I’ll tackle the side effects question first because it is a very important one. When we look at a medication we want to see two things. How effective is it? And then how many adverse or side effects do we see with it?
With cannabinoids in general, these are very well tolerated medications, especially when they’re properly prescribed. Properly prescribing usually means starting with high CBD, low THC products, especially when someone is naive or new to THC.
And then sometimes, if they’re having trouble with nighttime symptoms that are really disruptive to their sleep or pain at nighttime, then adding a high THC long-acting product in a very low dose, what I would consider almost a microdose is the way that we like to start.
So when we prescribe like this, it’s very different for someone using recreational very high THC cannabis on their own. And when we prescribe in this very low risk, lower THC, ‘start low go slow’ method, people tolerate cannabinoids extremely well.
In fact I have discovered in my practice, and again the Drug Science data is showing the same thing, is patients rarely have side effects that prevent them from continuing their medical cannabis. And even more broadly, they rarely have moderate side effects at all.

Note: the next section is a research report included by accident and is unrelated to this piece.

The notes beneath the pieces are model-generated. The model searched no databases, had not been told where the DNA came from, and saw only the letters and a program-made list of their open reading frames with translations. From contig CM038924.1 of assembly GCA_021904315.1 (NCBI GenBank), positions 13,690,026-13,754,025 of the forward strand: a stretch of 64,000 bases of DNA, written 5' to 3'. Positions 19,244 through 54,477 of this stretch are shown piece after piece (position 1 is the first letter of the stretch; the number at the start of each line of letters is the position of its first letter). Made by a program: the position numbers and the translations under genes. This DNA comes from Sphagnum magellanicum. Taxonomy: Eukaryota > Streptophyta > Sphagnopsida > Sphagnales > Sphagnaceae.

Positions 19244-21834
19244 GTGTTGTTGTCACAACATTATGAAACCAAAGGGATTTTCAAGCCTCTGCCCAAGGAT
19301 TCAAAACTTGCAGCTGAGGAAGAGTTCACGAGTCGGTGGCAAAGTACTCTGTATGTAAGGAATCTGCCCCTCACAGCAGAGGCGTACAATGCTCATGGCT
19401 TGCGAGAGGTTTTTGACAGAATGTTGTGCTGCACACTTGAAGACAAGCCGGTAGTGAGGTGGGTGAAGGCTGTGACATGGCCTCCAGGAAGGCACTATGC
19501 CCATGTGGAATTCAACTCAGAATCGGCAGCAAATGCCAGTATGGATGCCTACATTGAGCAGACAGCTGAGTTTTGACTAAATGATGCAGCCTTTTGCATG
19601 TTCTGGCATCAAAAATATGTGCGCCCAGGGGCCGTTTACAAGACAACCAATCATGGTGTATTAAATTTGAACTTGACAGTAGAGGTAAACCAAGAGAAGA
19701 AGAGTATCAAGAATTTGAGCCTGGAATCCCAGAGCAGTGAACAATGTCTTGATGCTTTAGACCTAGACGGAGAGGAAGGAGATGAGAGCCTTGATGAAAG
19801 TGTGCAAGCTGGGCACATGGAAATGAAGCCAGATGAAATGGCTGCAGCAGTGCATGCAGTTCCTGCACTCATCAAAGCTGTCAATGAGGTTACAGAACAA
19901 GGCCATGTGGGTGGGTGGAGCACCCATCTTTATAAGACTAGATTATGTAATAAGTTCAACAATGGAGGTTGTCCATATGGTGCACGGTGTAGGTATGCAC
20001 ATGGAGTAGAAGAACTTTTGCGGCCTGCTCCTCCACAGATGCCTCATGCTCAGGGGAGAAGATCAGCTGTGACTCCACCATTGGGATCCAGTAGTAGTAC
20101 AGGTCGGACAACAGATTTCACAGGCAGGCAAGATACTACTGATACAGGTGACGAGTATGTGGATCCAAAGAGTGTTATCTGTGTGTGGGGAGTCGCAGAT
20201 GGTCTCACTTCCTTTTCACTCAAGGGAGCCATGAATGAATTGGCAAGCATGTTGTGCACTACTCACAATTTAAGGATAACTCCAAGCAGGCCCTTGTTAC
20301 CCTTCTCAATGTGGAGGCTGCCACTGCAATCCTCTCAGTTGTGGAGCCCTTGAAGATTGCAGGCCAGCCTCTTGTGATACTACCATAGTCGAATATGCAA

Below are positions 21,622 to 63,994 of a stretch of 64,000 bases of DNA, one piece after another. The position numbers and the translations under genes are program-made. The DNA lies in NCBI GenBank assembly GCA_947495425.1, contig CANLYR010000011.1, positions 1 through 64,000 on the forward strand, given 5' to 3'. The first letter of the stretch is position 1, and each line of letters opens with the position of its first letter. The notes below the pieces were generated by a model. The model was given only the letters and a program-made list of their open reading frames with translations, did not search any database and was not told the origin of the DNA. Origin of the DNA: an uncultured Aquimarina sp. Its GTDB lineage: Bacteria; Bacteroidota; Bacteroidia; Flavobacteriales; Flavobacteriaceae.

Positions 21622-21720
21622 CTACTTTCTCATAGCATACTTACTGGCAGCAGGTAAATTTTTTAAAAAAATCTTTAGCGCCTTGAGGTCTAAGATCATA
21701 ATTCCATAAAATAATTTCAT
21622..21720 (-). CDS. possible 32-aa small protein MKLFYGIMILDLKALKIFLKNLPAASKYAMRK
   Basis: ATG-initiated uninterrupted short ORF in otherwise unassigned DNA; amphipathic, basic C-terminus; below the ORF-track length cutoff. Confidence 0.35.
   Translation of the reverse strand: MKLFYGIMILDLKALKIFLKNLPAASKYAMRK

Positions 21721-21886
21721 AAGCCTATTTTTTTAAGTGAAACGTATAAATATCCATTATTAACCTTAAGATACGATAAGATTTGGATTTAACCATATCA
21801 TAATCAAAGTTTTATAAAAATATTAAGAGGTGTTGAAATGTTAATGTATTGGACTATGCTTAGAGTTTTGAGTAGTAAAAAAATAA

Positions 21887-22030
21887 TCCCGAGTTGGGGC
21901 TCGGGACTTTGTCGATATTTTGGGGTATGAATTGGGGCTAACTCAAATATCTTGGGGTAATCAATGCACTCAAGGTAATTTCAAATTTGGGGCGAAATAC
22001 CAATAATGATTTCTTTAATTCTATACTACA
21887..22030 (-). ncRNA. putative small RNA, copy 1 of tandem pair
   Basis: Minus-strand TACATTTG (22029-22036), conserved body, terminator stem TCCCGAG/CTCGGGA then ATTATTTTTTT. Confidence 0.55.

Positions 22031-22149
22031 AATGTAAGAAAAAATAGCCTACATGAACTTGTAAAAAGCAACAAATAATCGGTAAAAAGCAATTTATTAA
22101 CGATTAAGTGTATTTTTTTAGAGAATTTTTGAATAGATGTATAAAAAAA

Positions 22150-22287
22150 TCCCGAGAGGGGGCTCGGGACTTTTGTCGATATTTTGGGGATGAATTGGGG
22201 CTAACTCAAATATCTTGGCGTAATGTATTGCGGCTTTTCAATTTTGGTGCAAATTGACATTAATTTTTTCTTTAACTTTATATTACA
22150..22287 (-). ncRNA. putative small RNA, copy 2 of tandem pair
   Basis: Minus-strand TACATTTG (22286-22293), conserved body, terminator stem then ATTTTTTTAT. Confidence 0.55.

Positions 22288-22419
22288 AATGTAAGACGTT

Most of my patients have no side effects from their medical cannabis. Occasionally what we see when patients take more THC, for example for extreme chronic pain, they might get red eyes, they might feel a bit groggy or fuzzy if they take too much. That’s when we back off and we change again.
The nice thing about cannabinoids, in addition to being well tolerated is they’re not lethal, you can’t overdose like opioids, or even some of the older antidepressant medications. So they’re actually very low toxicity, they don’t have any acute organ toxicities. So actually, when they’re properly used, they’re extremely safe medications.
And this is a general statement, but when you choose your patients correctly, and you screen them for the few contraindications that are present, like history of psychosis for prescribing THC products for example, then they’re they’re just they’re very useful and safe medicines.
Now side effects that we have with some of the other medications, that is the issue that drives patients to choose cannabis medicines because they’ve already tried those things.
For example, in the UK, at least a third of patients with depression do not respond really at all to the conventional antidepressants we currently have available. That’s another reason why the therapeutic psychedelics are so interesting, because this is another therapy that works in what is called treatment resistant depression or TRD. And cannabinoids can also help there, although there’s not a lot of published evidence yet.
Also a lot of people cannot tolerate the side effects of antidepressants, especially speaking of women’s health, lack of libido, inability to orgasm, and sexual dysfunction caused by those medications, it’s a really big problem.